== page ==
We are not punished for our sins, but by them.
The book whose philosophy has held me more than any other is Dante's Inferno, written around 1310. I read it haltingly in Italian, and with speed and joy in English (preferably the Dorothy L. Sayers translation, with captions and fascinating footnotes). There is passion and music in it, wit, character, and imagination to equal that of any sci-fi or horror story. And the plot carries you forward at a hectic pace, always wondering what next.
Why do I care? We spend our lives fascinated with mankind, and with the quest to understand good and evil. Dante encapsulates the soul of it in his vision showing how we are not punished for our sins, but by them. It is not an external thing visited upon us by God, or fate. It is an internal change we have wrought in ourselves. Each bad choice diminishes us in a particular way, just as each good one adds to us.
His classification of sins is most thought-provoking. Lightest are the sins of the leopard—those of incontinence. In the middle are the sins of the lion—those of violence. Deepest are the sins of the wolf—those of fraud, deceit and betrayal—a capacity peculiar to man.
Among these lowest are flatterers (debasing the means of communication between individuals); forgers (destroying the means of trade); and propagandists (polluting all trust and belief between peoples). Pollution of the earth we now understand and condemn as damaging the very world we live in, and therefore all life. Who else grasped that in 1300?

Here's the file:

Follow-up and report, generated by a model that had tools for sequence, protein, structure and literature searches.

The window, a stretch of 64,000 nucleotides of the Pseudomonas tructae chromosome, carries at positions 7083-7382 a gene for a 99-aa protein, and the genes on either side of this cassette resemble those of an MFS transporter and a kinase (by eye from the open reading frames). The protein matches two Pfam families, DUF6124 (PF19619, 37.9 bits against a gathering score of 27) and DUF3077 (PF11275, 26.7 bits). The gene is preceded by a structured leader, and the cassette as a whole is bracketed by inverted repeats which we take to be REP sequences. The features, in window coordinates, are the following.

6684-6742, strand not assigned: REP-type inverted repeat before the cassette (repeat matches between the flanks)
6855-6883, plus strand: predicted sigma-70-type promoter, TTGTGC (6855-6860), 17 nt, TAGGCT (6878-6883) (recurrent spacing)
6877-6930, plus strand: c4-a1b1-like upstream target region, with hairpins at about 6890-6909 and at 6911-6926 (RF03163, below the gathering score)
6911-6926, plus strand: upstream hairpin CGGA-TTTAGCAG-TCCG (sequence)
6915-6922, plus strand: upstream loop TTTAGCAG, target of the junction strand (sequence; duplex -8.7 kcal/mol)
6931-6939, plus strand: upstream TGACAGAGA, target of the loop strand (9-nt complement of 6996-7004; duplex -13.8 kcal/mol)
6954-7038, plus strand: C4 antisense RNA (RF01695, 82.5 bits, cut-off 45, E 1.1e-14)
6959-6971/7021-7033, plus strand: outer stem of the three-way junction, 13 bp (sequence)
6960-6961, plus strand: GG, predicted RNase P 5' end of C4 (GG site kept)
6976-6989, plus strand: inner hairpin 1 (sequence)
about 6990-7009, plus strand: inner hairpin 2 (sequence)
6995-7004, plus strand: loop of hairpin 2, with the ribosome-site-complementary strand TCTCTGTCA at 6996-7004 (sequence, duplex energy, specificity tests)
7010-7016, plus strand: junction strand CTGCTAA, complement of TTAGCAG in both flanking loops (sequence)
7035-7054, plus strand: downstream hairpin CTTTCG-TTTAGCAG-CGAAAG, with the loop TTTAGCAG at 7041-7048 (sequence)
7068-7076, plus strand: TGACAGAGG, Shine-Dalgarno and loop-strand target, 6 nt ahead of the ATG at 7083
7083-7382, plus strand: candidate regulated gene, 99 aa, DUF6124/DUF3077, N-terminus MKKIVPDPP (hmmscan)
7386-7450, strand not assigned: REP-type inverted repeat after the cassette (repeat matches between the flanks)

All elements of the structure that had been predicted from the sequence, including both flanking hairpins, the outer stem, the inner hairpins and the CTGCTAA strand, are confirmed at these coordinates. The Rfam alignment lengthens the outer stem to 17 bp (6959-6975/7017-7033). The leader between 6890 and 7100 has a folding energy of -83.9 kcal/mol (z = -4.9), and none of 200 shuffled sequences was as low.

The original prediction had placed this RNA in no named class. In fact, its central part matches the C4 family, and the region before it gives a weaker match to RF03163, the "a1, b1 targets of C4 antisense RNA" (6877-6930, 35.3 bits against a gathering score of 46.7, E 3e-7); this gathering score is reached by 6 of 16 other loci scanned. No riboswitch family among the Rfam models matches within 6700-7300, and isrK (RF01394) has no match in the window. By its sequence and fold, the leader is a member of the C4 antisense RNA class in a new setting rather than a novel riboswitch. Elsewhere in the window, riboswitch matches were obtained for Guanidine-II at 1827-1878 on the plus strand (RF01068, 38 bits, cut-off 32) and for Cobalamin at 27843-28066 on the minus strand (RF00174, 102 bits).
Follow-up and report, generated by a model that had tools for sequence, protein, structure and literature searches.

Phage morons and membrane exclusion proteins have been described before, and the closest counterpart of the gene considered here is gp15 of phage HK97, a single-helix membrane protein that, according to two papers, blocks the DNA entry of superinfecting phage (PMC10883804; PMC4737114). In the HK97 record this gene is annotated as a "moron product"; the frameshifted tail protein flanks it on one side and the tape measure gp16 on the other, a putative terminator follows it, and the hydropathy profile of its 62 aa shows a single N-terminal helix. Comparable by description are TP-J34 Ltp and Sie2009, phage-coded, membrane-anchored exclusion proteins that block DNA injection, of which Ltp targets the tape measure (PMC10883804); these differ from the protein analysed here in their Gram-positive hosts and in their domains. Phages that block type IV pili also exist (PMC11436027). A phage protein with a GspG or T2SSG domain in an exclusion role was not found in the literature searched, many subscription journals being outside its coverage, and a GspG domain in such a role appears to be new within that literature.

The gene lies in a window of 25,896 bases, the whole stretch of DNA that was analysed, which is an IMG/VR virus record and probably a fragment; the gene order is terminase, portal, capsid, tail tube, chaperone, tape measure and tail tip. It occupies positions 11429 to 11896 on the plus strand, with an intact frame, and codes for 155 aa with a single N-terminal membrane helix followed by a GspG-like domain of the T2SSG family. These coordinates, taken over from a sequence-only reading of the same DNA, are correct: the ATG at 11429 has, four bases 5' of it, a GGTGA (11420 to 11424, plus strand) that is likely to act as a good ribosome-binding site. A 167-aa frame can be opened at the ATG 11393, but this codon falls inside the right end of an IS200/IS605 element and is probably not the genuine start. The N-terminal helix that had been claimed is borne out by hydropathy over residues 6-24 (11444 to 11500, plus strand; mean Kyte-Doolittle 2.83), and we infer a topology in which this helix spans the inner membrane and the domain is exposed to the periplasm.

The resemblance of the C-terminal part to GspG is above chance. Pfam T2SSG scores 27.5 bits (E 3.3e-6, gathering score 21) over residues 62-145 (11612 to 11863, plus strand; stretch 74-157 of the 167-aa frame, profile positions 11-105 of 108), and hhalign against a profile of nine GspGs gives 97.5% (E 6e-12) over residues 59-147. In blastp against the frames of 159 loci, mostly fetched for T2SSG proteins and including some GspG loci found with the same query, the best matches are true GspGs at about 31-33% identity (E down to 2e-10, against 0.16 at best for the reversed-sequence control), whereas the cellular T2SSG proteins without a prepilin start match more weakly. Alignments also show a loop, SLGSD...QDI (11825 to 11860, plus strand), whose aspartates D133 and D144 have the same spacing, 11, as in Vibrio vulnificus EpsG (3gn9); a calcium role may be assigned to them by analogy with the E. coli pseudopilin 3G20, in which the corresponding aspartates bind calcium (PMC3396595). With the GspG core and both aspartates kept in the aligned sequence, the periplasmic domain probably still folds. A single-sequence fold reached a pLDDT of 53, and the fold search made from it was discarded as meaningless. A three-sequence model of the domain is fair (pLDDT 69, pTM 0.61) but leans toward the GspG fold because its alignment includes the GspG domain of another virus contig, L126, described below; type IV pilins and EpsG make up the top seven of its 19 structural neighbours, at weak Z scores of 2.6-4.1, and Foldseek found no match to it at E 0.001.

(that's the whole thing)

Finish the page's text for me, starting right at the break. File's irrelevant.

For sheer enjoyment, and perhaps a touch of schadenfreude, there are the grotesque punishments so exquisitely fitting the crimes (e.g., the lustful swept along by violent winds, never allowed to rest; thieves who now cannot possess even their own bodily forms and are forever changing). It gives the term poetic justice a whole new meaning.
And there is the beauty. In that terrible place you still see Christ "walking the waters of Styx with unwet feet."
Every time I return to it I am caught up in the power of Dante's imagination and made to think again, "Am I turning myself into who I really want to be? If I saw my acts without the comfortable mask of self-delusion, would I still want them to be part of me?" Thank you, Dante Alighieri.
Anne Perry's latest book is A Christmas Homecoming (Ballantine, October 2011).
This "Writers on Reading" essay was originally published in "At the Scene" eNews November 2011 as a first-look exclusive to our enewsletter subscribers. For more special content available first to our enewsletter subscribers, sign up here.